Generic medications appear to be far more cost-effective than previously reported, concluded a team of Harvard professors. But, physicians and patients aren’t adopting them wholeheartedly.
Patents of 20 drugs with annual sales of more than $1 billion expired or will do so between 2010 and 2013, including Lipitor and Plavix, the highest- and second-highest revenue producing drugs in the U.S. While highly effective generics provide low-cost options for chronic disease management, they are not always factored into cost analyses, and are sometimes viewed with concerns about their safety and efficacy.
The Harvard team revisited a 2008 study that used brand-name medication costs in an analysis of the cost-effectiveness of strategies to prevent adverse outcomes associated with cardiovascular disease and diabetes. The study found that up to 244 million quality-adjusted life-years could be gained over 30 years with appropriate preventive care. But, the study authors wrote, that “most prevention activities are expensive when considering direct medical costs.”
The Harvard team recalculated figures from the 2008 research, using Centers for Medicare and Medicaid Services’ federal upper limit prices, which are the highest amount Medicaid can be charged for generics. The authors identified the most commonly prescribed drug on the federal upper limit list for each drug class and assigned an annual cost by calculating the mean of the available doses and adding two dollars a month for a dispensing fee.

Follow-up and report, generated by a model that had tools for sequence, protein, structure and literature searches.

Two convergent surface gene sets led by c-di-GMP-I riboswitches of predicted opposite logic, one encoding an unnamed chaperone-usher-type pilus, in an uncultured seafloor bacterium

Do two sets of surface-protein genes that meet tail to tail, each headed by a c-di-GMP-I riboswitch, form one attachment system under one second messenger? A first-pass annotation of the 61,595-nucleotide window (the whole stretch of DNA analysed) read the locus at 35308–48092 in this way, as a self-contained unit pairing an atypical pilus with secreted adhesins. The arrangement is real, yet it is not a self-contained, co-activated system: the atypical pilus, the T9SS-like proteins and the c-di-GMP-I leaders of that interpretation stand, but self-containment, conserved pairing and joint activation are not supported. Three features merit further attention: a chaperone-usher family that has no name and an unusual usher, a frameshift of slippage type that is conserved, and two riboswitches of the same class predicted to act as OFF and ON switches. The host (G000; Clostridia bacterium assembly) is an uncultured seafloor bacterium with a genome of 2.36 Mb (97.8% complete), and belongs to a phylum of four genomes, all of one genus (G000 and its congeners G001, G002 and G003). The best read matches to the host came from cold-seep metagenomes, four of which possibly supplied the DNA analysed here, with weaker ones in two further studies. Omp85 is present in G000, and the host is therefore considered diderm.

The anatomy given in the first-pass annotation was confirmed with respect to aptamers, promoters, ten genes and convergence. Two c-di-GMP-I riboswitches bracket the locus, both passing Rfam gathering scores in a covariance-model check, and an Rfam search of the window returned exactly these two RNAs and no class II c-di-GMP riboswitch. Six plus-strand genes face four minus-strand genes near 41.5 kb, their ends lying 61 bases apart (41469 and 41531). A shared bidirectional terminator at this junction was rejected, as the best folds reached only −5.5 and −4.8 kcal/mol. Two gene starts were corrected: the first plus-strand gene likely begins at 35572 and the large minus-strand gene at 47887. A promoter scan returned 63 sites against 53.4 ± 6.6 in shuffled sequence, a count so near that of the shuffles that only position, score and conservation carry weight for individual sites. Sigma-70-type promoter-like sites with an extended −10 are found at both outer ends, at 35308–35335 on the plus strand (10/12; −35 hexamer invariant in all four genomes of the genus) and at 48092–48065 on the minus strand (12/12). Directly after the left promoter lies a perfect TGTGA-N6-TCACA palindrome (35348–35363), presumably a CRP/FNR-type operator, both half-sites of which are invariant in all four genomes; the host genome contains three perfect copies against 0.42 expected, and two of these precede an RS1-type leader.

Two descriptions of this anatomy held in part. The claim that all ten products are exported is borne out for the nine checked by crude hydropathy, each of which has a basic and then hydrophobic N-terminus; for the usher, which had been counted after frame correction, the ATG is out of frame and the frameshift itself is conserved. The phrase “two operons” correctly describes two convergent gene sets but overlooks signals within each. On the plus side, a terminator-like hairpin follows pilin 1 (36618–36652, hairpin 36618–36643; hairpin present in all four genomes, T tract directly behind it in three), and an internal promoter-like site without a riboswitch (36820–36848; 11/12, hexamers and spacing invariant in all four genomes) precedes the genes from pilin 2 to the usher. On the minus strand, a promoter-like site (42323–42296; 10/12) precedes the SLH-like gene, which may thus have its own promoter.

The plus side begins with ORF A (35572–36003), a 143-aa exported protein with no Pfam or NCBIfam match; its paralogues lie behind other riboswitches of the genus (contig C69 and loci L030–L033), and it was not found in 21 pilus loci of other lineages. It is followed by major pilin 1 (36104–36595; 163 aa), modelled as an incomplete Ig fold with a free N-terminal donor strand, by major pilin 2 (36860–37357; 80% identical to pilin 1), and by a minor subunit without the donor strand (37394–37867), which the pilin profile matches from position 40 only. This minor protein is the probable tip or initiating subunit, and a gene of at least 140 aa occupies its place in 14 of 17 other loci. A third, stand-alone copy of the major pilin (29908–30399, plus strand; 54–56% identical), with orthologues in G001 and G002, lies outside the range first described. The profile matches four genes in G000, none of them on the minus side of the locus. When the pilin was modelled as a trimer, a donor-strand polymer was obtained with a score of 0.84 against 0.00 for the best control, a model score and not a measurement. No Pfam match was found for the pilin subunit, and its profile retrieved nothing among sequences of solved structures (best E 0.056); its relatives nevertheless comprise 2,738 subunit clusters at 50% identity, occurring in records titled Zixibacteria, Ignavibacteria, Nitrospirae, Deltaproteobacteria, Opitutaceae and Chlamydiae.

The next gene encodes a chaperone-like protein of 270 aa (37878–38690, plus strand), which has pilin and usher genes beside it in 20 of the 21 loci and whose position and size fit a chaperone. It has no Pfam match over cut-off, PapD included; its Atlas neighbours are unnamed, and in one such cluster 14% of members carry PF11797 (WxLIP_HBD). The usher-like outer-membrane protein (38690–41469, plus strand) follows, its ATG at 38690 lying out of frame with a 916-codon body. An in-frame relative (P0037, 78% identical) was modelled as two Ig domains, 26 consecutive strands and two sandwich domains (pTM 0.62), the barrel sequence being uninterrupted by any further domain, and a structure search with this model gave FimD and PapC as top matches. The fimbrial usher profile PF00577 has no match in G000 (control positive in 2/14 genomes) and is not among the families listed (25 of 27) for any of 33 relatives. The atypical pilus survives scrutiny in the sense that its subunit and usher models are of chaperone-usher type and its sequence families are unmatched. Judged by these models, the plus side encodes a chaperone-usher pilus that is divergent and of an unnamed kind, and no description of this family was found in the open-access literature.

Results appeared in Health Affairs. The authors disclosed research funding from CVS Caremark.
After the cost model was updated with current prices, preventive care using generics appears far more cost-effective than was previously reported. For example, reducing blood pressure in nondiabetic patients costs $7,753 per quality-adjusted life-year with generic medication, vs. $52,983 described in the 2008 study. Glucose control would cost only $1,022 per quality-adjusted life-year with generic pricing, vs. $48,759 reported in the 2008 study
Despite the potential cost savings, the Harvard team cited its previous research that suggested one-fourth of physicians are concerned about the safety and of generic drugs, and that while patients know that generics offer greater value and generally support their use, only a minority prefer to use generics themselves.
*This blog post was originally published at ACP Internist*